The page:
from The American Heritage® Dictionary of the English Language, 4th Edition
- n. Unpredictability.
- n. Philosophy The doctrine that there are some events, particularly some human actions or decisions, which have no cause.
from Wiktionary, Creative Commons Attribution/Share-Alike License
- n. The doctrine that all human actions are not so much determined by the preceding events, conditions, causes or karma as by deliberate choice or free will.
from The Century Dictionary and Cyclopedia
- n. The doctrine that, though the will is somewhat influenced by motives, it is not entirely governed by them, but has a certain freedom and spontaneity.
Sorry, no etymologies found.
Professor Koch told BBC News that "it is entirely possible that 'indeterminism' - under certain conditions - is a useful trait - but not usually: when you drive your car at high speeds down the freeway, you want to be highly deterministic."
Thus the indeterminism is a direct product of the substantivalist viewpoint.
If there is a breakdown of determinism in chaotic systems, that can only occur if there is some kind of indeterminism introduced such that the property of unique evolution is rendered false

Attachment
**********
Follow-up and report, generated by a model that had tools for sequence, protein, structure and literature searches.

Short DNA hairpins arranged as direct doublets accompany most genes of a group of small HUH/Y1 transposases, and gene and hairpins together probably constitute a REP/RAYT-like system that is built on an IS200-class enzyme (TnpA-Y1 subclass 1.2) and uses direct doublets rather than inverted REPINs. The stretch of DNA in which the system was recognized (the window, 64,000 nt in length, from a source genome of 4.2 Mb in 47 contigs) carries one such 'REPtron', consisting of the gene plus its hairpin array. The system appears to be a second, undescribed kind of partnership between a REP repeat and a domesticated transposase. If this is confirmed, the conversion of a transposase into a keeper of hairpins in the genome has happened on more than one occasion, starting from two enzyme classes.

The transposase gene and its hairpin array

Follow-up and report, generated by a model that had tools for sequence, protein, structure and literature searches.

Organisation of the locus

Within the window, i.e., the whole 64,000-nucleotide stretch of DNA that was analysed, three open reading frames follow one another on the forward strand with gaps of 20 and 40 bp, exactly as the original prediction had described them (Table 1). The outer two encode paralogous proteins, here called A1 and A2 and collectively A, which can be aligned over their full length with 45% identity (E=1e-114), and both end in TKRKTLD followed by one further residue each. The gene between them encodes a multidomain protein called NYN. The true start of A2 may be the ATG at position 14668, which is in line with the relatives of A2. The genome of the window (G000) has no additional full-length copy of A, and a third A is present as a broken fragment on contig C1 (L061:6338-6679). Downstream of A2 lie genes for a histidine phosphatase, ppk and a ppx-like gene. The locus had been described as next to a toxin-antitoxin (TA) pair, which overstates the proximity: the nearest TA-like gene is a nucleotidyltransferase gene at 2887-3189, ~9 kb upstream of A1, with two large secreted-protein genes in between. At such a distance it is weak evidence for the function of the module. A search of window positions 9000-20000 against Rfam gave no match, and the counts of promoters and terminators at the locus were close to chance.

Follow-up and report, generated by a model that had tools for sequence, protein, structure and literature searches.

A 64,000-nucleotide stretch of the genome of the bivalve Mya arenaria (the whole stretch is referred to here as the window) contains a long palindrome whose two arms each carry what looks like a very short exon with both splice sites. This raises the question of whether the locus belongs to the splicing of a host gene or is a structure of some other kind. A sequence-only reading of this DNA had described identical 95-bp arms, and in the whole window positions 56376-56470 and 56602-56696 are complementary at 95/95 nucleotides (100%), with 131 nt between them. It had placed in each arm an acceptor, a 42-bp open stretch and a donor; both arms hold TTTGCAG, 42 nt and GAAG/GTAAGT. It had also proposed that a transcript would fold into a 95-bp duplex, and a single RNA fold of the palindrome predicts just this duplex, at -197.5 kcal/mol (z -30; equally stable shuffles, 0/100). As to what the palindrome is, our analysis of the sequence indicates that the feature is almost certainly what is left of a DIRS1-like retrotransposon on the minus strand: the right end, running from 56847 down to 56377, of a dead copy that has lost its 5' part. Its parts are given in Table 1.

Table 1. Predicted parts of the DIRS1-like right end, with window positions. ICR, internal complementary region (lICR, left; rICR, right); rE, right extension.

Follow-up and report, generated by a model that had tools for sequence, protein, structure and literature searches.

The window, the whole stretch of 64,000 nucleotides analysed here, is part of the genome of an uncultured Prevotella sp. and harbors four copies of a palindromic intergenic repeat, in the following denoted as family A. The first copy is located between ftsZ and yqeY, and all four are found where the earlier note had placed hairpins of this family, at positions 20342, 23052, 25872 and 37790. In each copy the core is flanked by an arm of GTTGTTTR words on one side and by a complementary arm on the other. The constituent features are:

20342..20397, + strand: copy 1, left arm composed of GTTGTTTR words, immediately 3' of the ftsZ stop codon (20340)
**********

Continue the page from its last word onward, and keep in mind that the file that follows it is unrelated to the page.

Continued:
The evidence is even less decisive with respect to whether there is the kind of indeterminism located in exactly the places required by one or another incompatibilist account.
Even many humans stopped attending to grammatical gender, word endings were dropped, declinations disappeared; our golden youth neglected to say r properly and learned to lisp; few educated people were any longer certain what was meant by 'indeterminism' or
Some readers may object to our use of the term “free will” to describe the indeterminism of particle responses.
The indeterminism of what is ‘rational’ cuts both ways, consumers and companies all the way up to regulators.
I wonder if determinism and indeterminism represent two explanatory categories into which so much can be fit that we are too quick to assume that these categories are all-encompassing.
Between the determinism understood so clearly on one end of the spectrum, and the quantum indeterminism on the other -- neither of which can accommodate any meaningful concept of free will -- lies a theoretical no-man's land where those two incompatible aspects of our world overlap.
To hold a belief in a libertarian freewill is to hold to an indeterminism at a much higher level than the quantum mechanical, namely, the neural.